CP: How do you keep the Bible in one hand, preaching orthodox theology, but balance that with being relevant to the young generation and engaging the culture?
Daniels: For me, it starts from my perspective. For me orthodoxy is for the purpose of orthopraxy. It's not right doctrine just for right doctrine; it's right doctrine for right living. So if a preacher's or pastor's goal is always right living, I think their message becomes a balanced message because your end-game is right living. When you see it that way, you automatically become practical. You'll look at a message and say "what does God want them to know in this message, and what does God want them to do?" That's the question that I ask and it's what I challenge our teachers to ask themselves.
CP: What is the balance between evangelism and edification (discipleship) when you're preaching to mostly saved people in the congregation?
Daniels: First of all, I believe the separation of evangelism and discipleship is an unbiblical separation. I believe the purpose of evangelism is discipleship. When I read the Great Commission, Matthew 28:19, I hear "go make disciples." We aren't winning them just so that we can get them into heaven, and I think sometimes we treat it that way. Heaven is important and it's real, but salvation isn't like a "get out of hell free" card. It's not a destination, it's a door that leads to a new life under new management. For us, we know we can't form them until we win them, so let's go win them. As we're forming them, we try to teach them, and we do this through our Kingdom Academy and I teach an evangelism series maybe every other year, that as I'm being formed spiritually, part of my spiritual formation is understanding my responsibility to be a witness. So evangelism doesn't become that thing that the church does or that thing that the ministry does. It becomes just as germane to Christianity as prayer is. I'm a Christian so I pray, I give, I worship, I witness. In Acts 1:8 Jesus said you'll receive power when the power of the Holy Spirit comes upon you and you'll be witnesses. I don't see how anybody grows a church nowadays without doing that, because it's harder to do it now. We started the church eight years ago and it's harder to do it today than it was eight years ago.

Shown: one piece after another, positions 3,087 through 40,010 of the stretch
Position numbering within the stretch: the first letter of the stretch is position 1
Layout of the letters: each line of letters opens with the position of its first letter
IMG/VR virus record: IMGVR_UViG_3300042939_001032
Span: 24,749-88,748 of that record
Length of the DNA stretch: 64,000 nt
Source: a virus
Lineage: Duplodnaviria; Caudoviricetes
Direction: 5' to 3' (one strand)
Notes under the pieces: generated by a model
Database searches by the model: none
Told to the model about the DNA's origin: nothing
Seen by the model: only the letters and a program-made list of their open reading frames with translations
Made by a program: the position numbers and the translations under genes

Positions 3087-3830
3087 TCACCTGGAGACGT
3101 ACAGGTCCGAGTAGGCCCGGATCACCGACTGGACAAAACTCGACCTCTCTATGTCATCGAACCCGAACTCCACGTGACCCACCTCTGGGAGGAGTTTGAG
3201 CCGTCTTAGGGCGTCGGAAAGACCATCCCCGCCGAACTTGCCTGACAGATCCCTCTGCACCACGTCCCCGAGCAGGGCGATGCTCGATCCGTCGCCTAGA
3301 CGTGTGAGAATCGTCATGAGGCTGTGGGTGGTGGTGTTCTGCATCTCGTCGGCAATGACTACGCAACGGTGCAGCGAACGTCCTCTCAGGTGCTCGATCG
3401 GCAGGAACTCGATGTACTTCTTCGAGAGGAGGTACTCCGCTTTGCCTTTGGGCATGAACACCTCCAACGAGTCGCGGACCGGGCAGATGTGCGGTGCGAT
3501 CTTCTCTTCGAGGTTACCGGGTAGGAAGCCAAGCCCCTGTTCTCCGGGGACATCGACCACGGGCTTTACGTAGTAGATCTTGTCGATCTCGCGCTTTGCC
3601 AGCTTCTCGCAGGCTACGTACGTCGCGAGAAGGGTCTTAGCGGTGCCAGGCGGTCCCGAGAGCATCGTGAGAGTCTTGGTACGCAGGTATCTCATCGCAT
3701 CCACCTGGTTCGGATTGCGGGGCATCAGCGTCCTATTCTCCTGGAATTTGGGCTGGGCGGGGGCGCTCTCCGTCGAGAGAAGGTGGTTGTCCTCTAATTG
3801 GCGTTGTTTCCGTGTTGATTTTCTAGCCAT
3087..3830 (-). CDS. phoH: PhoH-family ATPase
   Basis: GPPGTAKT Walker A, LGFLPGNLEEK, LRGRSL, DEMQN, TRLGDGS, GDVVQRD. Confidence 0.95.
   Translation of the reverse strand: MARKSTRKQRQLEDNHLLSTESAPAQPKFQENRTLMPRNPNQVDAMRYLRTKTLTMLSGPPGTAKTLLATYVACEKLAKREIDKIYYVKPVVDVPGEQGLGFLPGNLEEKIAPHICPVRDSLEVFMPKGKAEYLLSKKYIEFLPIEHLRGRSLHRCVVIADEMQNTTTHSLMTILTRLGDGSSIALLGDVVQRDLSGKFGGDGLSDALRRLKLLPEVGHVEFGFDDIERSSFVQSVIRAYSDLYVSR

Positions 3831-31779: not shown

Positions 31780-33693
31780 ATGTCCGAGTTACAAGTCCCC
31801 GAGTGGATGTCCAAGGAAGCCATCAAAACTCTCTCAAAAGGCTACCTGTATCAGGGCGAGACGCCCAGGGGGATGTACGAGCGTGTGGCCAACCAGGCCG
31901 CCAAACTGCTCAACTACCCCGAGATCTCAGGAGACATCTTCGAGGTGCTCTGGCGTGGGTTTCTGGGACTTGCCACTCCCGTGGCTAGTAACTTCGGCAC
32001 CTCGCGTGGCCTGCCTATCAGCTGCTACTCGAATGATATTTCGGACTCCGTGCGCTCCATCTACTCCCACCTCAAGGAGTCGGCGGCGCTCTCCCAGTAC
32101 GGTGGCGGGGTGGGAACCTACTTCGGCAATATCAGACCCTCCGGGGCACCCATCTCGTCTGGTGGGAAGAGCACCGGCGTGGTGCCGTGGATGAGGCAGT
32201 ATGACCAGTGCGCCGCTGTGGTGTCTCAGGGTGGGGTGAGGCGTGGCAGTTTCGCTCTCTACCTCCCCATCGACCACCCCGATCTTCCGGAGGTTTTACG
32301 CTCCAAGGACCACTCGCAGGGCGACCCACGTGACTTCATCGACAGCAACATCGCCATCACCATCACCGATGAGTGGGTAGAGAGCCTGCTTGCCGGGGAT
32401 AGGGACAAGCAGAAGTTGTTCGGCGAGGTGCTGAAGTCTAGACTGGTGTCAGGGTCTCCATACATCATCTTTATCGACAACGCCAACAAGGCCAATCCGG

Read previous articles in this series:
An Inside Look at a New Generation of Pastors: Levi Lusko (Pt. 1)
An Inside Look at a New Generation of Pastors: Matt Chandler (Pt. 2)